As far as alternative scenarios go, though, Moraes did quite well. He might not have the champion in front of him, but he does have a top contender in Raphael Assuncao. He has a shot at revenge, too, considering Assuncao was the one who handed him a loss in his UFC debut. And he gets to do it in a headliner, in both men’s native Brazil.
It’s a fight that Moraes believes makes “total sense” for him. And, now that he has it, the former WSOF champion says he’s not even thinking about the fact that it isn’t a stab at UFC gold.
“I think that’s life: You can’t keep longing for something you didn’t get,” Moraes said. “I think, when you get something, you have to appreciate it. I’m getting this big opportunity in my life and I’ll do my best to make sure it happens the way I want it to.”
Moraes (21-5-1 MMA, 3-1 UFC) and Assuncao (27-5 MMA, 11-2 UFC) are set to headline UFC on ESPN+ 2, which takes place Feb. 2 at Centro de Formacao Olimpica do Nordeste in Fortaleza, Brazil. The entire event streams on ESPN+.
Moraes is “very happy” with the headliner, which will serve as a rematch of UFC 212 meeting that Assuncao won by split decision. Getting here, though, involved dealing with some frustration.
Moraes hasn’t fought since June, when he finished Jimmie Rivera within the first 33 seconds of their UFC Fight Night 131 headliner. It was Moraes’ third straight win since his UFC debut, which Assuncao spoiled by split decision to snap a 13-fight winning streak.
With back-to-back “Performance of the Night” knockouts backing him up, Moraes made his case for a title shot. Not only did that not materialize, but the former WSOF champ also spoke of struggles to get any of his fellow contenders to say yes.
Amid difficulties to compete in his own division, Moraes says he even tried to get fights at featherweight – only to have that fall flat, too.
“Lately, in order to be a UFC fighter, you have to be very patient,” Moraes said. “It’s hard to get a fight because this guy only wants to fight that guy and so forth. And I was raised fighting whomever is in front of me. I never turned down the opponents that were put in front of me. It was a complicated situation. I told my manager I wanted to try to fight in the upper division, that if it was up to me I’d try to get a fight there, because it was hard to get an opponent that made sense.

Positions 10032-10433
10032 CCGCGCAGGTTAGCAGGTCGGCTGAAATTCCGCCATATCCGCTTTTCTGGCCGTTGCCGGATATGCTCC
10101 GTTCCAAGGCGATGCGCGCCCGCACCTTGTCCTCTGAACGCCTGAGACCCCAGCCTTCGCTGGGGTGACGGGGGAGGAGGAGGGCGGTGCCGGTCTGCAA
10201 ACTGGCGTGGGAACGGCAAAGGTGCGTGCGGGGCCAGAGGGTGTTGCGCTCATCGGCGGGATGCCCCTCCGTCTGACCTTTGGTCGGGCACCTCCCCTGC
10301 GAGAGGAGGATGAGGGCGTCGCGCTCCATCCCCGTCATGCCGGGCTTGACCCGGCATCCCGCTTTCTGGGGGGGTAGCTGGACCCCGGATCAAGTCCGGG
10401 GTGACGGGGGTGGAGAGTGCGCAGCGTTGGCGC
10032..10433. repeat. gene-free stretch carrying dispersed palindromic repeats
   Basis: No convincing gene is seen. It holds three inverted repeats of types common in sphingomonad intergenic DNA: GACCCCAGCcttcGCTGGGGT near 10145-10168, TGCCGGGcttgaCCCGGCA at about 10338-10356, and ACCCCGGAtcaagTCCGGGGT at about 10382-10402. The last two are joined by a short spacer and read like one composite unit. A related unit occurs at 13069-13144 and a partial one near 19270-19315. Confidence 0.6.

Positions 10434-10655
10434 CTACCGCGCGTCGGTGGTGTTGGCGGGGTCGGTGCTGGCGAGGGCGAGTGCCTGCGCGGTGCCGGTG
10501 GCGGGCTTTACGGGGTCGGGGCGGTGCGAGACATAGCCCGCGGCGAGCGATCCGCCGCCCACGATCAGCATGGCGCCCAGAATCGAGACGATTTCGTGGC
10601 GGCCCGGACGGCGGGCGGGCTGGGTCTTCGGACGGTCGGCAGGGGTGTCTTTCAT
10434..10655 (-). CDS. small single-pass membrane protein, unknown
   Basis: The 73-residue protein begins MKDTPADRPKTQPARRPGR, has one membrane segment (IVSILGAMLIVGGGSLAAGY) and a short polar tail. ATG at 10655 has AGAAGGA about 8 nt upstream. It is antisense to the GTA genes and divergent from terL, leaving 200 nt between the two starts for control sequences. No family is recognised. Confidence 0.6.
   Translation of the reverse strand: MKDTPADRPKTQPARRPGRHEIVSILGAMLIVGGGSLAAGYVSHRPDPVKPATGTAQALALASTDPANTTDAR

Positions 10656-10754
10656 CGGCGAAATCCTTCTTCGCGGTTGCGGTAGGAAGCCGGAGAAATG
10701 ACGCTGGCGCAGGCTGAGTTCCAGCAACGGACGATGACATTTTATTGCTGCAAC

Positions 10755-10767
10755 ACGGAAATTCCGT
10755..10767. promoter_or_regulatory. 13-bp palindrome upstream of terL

“I tried fighting other opponents in the upper division, when some people got hurt. None of it happened and I was a little frustrated, but the fight with Raphael was one that I wanted all along. The opportunity came up and I said yes, like I always do.”
Moraes isn’t the only bantamweight to voice complaints of this kind. Assuncao, for instance, has long been making the case for a title shot that never happens. Rivera has also talked about the stranglehold placed on the division, thanks to three of its main players: ex-champs Cody Garbrandt and Dominick Cruz and champ T.J. Dillashaw.
Dillashaw, as we know, is currently gunning toward champ-champ status, which he’ll try to achieve in a UFC on ESPN+ 1 meeting with flyweight champ Henry Cejudo. And while these types of forays often lead to tricky logjams, Moraes believes there was “an easy decision” the UFC could have made to fix it.
“The moment that the champion decided to go down a division, there should be a title fight,” Moraes said. “Because, usually, champions – both in boxing and in the UFC – they go to the division above to challenge themselves, and not the lower one. I think, since you’re fighting someone smaller than you, it’s a smaller challenge. So I don’t think you’re looking to challenge yourself.
“So I think the interim belt should have come in the picture and I think both Raphael and I would be the main names to be in that fight. It’s a rematch between two guys who are living the best moments of the division. Both of us are coming off 11 wins in 12 fights. I’m coming off good fights – knockouts against top guys. I think it would make total sense.”
There will be no belts on the line in the bantamweight headliner, but that doesn’t mean the bout won’t carry title implications. Assuncao and Moraes have, after all, been making rather convincing title cases. And, now that ex-champ Cruz has been sidelined by injury, it’s hard to see who else could cut in line.
Moraes, on his end, is not only driven to reach UFC gold – he’s confident that it will happen. When it does, though, it will be in its own time. Which is why he’d rather focus on the rematch with Assuncao than on its possible ramifications.
“I don’t go into it with this thought (that the bout is a title eliminator),” Moraes said. “I fight to be champion. I want to be the champion and I’m pursuing that. But, honestly, I don’t want to cling to that. I want to go in there, to prove I’m better and win this fight.”